Daylight corresponds to all forms of light coming from the Sun, direct and indirect (direct lighting, diffuse radiation from the sky). On the other hand, the sunlight diffused or reflected by the objects of space is not considered “daylight.” Thus, the reflection of light on the moon is not direct light.
Daylight is present as soon as the Sun rises above the horizon. However, outdoor lighting can range from 120,000 lux in direct sunlight to less than 1 lux in exceptional cases such as solar eclipses or the presence of dust or volcanic ash in the atmosphere.
Daylighting does not just refer to the practice of placing openings, windows and reflective surfaces to facilitate effective indoor lighting throughout the day. The concept of recognizing natural light through targeting and distribution of light rays in space to achieve uniform illumination to prevent glare and reflection, as well as energy savings and costs associated with high energy bills.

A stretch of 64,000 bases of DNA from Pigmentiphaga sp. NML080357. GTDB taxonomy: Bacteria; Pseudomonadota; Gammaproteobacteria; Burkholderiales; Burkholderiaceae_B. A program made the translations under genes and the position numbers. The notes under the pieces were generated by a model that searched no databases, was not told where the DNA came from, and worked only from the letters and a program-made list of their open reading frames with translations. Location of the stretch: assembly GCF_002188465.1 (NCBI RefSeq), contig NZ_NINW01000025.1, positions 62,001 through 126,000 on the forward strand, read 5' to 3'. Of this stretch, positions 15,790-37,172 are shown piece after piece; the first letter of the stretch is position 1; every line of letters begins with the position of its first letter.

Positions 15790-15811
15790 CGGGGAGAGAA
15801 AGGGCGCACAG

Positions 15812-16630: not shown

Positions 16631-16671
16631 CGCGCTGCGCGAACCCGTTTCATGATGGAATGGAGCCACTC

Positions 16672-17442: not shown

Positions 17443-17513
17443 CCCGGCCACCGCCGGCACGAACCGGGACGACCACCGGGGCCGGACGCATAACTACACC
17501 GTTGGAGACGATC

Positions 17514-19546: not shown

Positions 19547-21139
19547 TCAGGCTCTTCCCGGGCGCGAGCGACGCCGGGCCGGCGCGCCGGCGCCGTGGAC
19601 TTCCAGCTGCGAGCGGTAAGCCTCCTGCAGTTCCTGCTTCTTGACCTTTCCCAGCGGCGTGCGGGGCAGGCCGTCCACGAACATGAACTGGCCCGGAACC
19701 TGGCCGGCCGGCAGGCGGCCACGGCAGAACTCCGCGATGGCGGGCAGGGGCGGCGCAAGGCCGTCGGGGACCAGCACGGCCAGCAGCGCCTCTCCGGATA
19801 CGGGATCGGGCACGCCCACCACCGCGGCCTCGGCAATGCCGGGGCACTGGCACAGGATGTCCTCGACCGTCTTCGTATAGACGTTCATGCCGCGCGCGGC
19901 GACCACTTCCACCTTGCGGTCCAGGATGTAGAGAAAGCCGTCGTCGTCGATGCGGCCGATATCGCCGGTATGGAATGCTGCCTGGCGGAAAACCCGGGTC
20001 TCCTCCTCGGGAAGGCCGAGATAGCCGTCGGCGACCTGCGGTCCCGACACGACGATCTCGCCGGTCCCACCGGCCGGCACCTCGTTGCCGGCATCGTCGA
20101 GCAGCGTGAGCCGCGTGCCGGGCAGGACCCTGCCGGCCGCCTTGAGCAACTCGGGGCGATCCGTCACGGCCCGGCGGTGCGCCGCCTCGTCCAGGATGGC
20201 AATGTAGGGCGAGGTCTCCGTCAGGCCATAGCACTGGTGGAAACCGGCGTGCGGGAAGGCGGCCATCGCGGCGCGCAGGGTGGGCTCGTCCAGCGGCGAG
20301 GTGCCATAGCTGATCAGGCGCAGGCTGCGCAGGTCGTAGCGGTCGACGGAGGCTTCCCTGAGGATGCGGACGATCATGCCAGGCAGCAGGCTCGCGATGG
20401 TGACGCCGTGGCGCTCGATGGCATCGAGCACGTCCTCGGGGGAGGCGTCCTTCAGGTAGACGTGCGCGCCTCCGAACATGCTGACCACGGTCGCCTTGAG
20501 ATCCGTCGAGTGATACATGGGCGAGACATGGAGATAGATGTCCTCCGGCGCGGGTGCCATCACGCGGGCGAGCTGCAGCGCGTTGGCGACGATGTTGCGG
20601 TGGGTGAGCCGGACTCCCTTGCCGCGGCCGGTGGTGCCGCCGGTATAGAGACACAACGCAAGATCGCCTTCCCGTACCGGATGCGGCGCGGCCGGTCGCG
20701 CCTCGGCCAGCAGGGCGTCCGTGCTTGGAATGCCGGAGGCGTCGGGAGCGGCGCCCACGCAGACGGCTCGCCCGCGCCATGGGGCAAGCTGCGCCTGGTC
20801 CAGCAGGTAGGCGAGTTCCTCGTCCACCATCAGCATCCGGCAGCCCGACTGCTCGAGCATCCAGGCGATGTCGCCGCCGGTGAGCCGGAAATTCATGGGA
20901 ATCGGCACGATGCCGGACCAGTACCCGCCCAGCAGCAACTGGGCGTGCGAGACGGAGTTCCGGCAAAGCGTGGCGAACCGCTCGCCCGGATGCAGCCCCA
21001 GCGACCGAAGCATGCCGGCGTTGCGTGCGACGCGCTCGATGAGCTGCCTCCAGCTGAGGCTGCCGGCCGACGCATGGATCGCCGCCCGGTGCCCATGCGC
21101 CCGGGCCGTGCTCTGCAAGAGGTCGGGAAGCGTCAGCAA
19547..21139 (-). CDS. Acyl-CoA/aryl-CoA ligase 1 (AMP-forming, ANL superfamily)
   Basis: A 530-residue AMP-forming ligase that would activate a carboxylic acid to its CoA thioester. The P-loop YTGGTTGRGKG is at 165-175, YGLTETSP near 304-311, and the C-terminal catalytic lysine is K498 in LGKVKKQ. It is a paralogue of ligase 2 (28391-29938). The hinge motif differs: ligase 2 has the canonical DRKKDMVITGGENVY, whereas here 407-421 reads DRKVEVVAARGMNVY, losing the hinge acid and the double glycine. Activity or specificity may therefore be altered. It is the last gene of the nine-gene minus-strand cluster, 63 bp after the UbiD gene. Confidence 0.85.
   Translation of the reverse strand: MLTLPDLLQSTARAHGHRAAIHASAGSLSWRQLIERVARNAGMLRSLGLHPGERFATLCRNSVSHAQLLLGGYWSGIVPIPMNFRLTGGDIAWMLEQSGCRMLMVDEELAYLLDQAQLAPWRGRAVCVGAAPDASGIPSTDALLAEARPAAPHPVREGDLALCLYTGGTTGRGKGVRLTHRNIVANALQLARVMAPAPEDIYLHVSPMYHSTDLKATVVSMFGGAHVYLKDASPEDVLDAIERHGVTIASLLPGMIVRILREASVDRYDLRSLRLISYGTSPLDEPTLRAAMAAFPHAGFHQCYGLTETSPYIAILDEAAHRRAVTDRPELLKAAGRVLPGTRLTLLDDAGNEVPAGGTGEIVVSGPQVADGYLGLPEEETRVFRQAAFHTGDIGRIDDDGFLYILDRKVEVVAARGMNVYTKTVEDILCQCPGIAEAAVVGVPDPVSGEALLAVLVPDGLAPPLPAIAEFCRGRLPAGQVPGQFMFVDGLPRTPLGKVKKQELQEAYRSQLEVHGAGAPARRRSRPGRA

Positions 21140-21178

Daylight is very bright and works well regarding the amount of light needed in an architectural environment. For this reason, small holes in the walls and roofs adequately meet daylighting goals.
This method works perfectly as a task-ambient lighting design, where daylight is used to maintain the low ambient light level in all places, and task lights (including table lamps) is used to offer higher light levels to areas that require more light or during specific timings.
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